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(Ionic, Ἧρη, and in Attic, Ἧρα: the name is often connected with the Latin hĕra; but on this, see Curtius, p. 119). In Greek mythology, the queen of heaven, eldest daughter of Cronus and Rhea, sister and lawful consort of Zeus. According to Homer, she was brought up in her youth by Oceanus and Tethys. But every place in which her worship was localized asserted that she was born there, and brought up by the Nymphs of the district. She is said to have long lived in secret intimacy with Zeus before he publicly acknowledged her as his lawful consort. Her worshippers celebrated her marriage (ἱερὸς γάμος) in the spring time. In the oldest version of the story it took place in the Islands of the Blessed, on the shore of the Ocean stream, where the golden apple-tree of the Hesperides sprang up to celebrate it. But this honour, too, was claimed by every place where Heré was worshipped. According to one local story, Zeus obtained the love of Heré by stealth, in the form of a cuckoo.

Heré seems originally to have symbolized the feminine aspects of the natural forces of which Zeus is the masculine representative. Hence she is at once his wife and his sister, shares his power and his honours, and, like him, has authority over the phenomena of the atmosphere. It is she who sends clouds and storms, and is mistress of the thunder and lightning. Her handmaids are the Horae or goddesses of the season, and Iris, the goddess of the rainbow. Like Zeus, men worship her on mountains, and pray to her for rain. The union of sun and rain, which wakes the earth to renewed fertility, is symbolized as the loving union of Zeus and Heré. In the same way a conflict of the winds is represented as the consequence of a matrimonial quarrel, usually attributed to the jealousy of Heré, who was regarded as the stern protectress of honourable marriage. Hence arose stories of Zeus illtreating his wife. It was said that he scourged her, and hurled Hephaestus from heaven to earth when hurrying to his mother's assistance; that in anger for her persecution of his son Heracles, he hung her out in the air with golden chains to her arms and an anvil on each foot ( Il. viii. 400). There were also old legends which spoke of Heré allying herself with Athené and Poseidon to bind Zeus in chains. Zeus was only rescued by the giant Aegaeon, whom Thetis called to his assistance. The birth of Athené was said to have enraged Heré to such a pitch that she became the mother of Typhon by the dark powers of the infernal regions. In fact, this constant resistance to the will of Zeus, and her jealousy and hatred of her consort's paramours and their children, especially Heracles, become in the poets a standing trait in her character.

In spite of all this, Homer represents her as the most majestic of all the goddesses. The other Olympians pay her royal honours, and Zeus treats her with all respect and confides all his designs to her, though not always yielding to her demands. She is the spotless and uncorruptible wife of the king of Heaven; the mother of Hephaestus, Ares, Hebé, and Ilithyia, and indeed may be called the only lawful wife in the Olympian court. She is, accordingly, before all other deities the goddess of marriage and the protectress of purity in married life. She is represented as of exalted but severe beauty, and appears before Paris as competing with Aphrodité and Athené for the prize of loveliness. In Homer she is described as of lofty stature, large eyes (βοῶπις), white arms (λευκώλενος), and beautiful hair. On women she confers bloom and strength; she helps them, too, in the dangerous hour of childbirth. Her daughters Hebé and Ilithyia personify both these attributes.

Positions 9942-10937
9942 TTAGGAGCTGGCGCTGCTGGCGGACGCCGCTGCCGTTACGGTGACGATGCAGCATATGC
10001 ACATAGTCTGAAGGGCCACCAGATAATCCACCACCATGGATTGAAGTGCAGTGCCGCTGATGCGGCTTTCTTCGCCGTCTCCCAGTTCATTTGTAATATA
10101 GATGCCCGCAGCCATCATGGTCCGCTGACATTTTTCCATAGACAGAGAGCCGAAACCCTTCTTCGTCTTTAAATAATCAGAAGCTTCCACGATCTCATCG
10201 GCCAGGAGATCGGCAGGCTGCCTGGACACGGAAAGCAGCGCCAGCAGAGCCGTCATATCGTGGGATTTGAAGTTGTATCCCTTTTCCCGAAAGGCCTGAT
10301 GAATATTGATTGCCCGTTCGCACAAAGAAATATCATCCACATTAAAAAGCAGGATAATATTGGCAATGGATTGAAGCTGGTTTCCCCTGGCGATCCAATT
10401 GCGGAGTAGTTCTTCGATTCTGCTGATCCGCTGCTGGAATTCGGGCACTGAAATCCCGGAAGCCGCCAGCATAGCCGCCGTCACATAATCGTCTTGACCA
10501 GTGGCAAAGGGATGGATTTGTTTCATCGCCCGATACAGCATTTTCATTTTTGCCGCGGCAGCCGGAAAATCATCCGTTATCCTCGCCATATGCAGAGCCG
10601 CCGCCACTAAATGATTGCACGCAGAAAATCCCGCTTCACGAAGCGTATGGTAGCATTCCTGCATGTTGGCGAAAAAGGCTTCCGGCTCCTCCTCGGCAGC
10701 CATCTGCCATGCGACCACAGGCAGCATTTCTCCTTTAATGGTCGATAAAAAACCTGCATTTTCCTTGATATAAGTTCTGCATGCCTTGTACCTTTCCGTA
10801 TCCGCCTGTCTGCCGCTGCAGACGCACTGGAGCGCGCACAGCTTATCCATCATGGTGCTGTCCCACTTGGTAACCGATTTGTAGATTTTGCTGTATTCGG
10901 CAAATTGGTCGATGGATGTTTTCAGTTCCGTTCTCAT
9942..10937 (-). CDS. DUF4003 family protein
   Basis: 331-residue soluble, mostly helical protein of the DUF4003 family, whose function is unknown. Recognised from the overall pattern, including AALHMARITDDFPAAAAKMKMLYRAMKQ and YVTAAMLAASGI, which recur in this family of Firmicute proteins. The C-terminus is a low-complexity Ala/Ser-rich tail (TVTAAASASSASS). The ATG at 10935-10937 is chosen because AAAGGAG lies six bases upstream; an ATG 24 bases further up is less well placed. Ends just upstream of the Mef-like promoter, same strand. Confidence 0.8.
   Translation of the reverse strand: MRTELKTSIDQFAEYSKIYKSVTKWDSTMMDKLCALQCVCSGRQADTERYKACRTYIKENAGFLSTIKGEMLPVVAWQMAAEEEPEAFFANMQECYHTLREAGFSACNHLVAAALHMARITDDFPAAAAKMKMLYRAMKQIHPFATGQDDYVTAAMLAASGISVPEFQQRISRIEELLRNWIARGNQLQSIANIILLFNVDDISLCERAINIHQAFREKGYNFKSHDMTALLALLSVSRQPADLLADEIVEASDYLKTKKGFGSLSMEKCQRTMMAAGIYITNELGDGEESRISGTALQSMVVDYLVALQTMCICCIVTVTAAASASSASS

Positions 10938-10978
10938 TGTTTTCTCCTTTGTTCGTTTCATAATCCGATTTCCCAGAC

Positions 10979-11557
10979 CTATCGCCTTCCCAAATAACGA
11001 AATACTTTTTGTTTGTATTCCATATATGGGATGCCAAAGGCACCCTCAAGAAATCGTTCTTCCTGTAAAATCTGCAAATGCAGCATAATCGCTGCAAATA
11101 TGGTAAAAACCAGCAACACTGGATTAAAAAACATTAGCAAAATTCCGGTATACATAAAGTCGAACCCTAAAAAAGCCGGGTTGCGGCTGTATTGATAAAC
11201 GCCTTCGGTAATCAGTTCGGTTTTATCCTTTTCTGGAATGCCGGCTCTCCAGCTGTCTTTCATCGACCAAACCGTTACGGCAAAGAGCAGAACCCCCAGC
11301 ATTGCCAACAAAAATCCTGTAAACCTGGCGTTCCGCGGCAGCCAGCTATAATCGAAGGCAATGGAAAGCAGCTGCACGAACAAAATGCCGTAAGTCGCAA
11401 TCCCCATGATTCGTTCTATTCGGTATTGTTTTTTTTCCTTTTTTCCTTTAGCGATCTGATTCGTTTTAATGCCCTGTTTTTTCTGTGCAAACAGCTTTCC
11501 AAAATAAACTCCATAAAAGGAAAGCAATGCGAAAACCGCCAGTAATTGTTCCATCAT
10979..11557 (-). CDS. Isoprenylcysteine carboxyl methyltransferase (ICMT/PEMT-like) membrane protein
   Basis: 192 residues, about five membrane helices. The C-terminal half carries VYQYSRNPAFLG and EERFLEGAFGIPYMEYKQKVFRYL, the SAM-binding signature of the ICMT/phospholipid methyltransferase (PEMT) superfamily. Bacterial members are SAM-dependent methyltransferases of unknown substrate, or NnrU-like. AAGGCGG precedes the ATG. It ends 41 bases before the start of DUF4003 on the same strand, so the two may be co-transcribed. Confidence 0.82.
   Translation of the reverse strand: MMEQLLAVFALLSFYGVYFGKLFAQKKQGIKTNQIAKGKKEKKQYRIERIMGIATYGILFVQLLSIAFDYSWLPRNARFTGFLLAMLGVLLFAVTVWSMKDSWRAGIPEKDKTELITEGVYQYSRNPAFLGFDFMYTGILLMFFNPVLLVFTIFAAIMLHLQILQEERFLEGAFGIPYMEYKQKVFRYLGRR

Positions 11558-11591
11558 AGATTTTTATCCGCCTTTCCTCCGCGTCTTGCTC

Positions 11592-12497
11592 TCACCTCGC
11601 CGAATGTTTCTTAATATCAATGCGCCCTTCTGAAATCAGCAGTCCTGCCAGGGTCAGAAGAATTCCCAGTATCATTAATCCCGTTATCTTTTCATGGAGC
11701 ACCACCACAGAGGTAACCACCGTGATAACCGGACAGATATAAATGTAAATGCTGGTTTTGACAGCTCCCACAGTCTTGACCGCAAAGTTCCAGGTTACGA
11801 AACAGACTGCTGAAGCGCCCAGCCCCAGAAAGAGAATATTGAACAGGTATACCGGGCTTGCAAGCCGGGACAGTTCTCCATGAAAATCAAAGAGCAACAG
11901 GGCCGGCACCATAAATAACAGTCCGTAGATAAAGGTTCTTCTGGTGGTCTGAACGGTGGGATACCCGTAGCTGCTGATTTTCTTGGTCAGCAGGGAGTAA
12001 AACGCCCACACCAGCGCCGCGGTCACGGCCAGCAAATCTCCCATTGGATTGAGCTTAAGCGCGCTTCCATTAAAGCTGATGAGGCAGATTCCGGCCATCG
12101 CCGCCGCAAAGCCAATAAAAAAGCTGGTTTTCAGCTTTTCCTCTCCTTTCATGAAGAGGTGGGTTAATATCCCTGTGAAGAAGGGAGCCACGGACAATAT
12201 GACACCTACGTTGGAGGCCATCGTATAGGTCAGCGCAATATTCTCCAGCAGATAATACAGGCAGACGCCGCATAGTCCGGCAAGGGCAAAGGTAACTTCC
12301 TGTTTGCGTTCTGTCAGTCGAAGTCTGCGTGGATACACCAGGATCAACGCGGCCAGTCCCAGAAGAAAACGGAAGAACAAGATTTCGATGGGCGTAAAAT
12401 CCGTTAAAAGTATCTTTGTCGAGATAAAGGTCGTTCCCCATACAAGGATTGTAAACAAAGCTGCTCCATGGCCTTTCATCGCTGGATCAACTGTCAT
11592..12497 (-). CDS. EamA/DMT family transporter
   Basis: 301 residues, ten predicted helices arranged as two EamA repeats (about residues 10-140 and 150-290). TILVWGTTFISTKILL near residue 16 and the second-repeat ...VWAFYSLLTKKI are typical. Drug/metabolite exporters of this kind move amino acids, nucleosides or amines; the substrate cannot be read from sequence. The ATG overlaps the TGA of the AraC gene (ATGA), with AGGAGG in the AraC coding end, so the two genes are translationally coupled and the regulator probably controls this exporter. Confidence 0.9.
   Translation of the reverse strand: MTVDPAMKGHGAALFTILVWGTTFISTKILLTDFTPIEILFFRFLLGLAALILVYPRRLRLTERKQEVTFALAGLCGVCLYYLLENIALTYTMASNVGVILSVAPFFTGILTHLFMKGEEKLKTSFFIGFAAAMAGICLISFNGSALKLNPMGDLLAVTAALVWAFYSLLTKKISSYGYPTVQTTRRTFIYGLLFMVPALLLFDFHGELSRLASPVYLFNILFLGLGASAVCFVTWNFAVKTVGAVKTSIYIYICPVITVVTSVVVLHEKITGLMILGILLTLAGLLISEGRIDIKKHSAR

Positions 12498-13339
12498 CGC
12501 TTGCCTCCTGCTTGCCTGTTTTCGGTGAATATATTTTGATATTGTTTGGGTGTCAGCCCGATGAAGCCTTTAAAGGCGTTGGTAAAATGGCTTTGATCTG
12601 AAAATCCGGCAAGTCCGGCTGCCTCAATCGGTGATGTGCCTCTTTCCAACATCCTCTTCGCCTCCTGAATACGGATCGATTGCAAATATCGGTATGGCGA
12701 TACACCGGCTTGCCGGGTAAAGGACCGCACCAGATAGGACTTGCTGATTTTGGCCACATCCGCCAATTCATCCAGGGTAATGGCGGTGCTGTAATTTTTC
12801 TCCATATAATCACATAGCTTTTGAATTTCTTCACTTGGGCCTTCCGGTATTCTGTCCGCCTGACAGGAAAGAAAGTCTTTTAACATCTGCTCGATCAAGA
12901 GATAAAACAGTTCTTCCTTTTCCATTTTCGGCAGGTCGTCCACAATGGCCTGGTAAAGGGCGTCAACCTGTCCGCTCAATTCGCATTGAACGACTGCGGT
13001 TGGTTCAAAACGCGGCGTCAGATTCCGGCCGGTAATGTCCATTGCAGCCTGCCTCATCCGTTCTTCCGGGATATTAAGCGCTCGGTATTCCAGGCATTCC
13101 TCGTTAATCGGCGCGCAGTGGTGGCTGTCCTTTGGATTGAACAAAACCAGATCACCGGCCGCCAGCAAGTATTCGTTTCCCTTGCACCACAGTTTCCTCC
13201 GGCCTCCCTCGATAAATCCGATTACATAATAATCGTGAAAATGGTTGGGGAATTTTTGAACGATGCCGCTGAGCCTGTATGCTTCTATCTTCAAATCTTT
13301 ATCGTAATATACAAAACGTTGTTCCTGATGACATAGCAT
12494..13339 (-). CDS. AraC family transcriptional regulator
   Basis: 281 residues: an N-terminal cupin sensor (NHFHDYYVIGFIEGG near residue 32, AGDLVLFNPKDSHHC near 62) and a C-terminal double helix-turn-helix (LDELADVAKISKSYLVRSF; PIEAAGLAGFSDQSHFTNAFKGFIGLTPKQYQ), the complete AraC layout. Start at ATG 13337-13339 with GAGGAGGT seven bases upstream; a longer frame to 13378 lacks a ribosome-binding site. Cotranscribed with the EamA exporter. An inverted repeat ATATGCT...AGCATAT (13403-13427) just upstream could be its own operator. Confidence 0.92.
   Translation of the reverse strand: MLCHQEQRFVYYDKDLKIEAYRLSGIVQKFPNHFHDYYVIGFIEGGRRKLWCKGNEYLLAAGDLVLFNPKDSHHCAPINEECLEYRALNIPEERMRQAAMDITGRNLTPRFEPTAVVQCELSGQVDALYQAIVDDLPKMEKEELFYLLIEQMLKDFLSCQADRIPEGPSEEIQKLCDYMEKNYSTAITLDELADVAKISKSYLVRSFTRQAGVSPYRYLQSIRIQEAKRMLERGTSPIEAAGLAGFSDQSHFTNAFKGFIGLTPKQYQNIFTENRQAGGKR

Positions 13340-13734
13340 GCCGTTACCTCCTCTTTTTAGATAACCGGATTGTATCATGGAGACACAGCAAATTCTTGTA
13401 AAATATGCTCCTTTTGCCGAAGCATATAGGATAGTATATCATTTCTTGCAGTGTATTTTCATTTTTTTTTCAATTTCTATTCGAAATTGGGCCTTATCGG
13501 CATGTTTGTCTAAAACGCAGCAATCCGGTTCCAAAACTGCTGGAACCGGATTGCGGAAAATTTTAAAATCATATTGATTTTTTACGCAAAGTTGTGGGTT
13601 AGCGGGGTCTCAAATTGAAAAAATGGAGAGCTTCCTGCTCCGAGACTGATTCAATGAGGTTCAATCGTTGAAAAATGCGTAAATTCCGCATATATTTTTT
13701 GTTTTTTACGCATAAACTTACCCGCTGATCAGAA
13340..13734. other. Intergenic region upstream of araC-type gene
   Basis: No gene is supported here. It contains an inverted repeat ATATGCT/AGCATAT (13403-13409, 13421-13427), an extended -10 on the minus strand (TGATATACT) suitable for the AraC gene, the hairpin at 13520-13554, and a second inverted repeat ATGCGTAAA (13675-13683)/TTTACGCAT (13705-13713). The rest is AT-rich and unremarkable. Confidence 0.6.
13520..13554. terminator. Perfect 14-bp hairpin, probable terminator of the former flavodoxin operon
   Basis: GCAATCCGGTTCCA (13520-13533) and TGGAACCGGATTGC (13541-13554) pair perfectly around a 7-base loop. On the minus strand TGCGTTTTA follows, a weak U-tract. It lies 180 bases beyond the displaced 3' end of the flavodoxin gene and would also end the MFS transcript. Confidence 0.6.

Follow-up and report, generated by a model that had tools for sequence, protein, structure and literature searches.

In earlier times Heré was not everywhere recognized as the consort of Zeus; at the primitive oracle of Dodona, for instance, Dioné occupies this position. The Peloponnesus may be regarded as

Head of Heré. (Naples. Supposed to be from a Statue by Polyclitus.)

the earliest seat of her worship, and in the Peloponnesus, during the Homeric period, Argos, Mycenae, and Sparta are her favourite seats. Of these, according to the poet, she is the passionate champion in the Trojan War. In later times the worship of Heré was strongly localized in Argos and Mycenae. At Argos she took the same commanding position as Athené at Athens, and the year was dated by the names of her priestesses. Between these cities, at the foot of Mount Euboea, was situated the Heraeum (Ἡραῖον), a temple held in great honour. (See Heraea.) At Corinth she was the goddess of the acropolis. At Elis a garment was offered her every five years by sixteen ladies chosen for the purpose, and maidens held a race in her honour on the race-course at Olympia. Boeotia had its feast of the Daedala (q. v.); Samos its large and splendid temple, built by Polycrates. The cuckoo was sacred to her as the messenger of spring, the season in which she was wedded to Zeus; so were the peacock and the crow, and among fruits the pomegranate, the symbol of wedded love and fruitfulness. Hecatombs were offered to her in sacrifice, as to Zeus.

In works of art she is represented as seated on a throne in a full robe, covering the whole figure. On her head is a sort of diadem, often with a veil; the expression of the face is severe and majestic, the eyes large and wide open, as in the Homeric description. The ideal type of Heré was found in the statue by Polyclitus in the temple at Argos. This was a colossal image, in gold and ivory, representing the goddess on her throne, her crown adorned with figures of the Graces and the Seasons, a pomegranate in one hand, and in the other a sceptre with the cuckoo on the top. The Farnese Heré at Naples, and the Ludovisi Iuno in Rome, are copies of this work. The Romans identified Heré with their own Iuno (q.v.).

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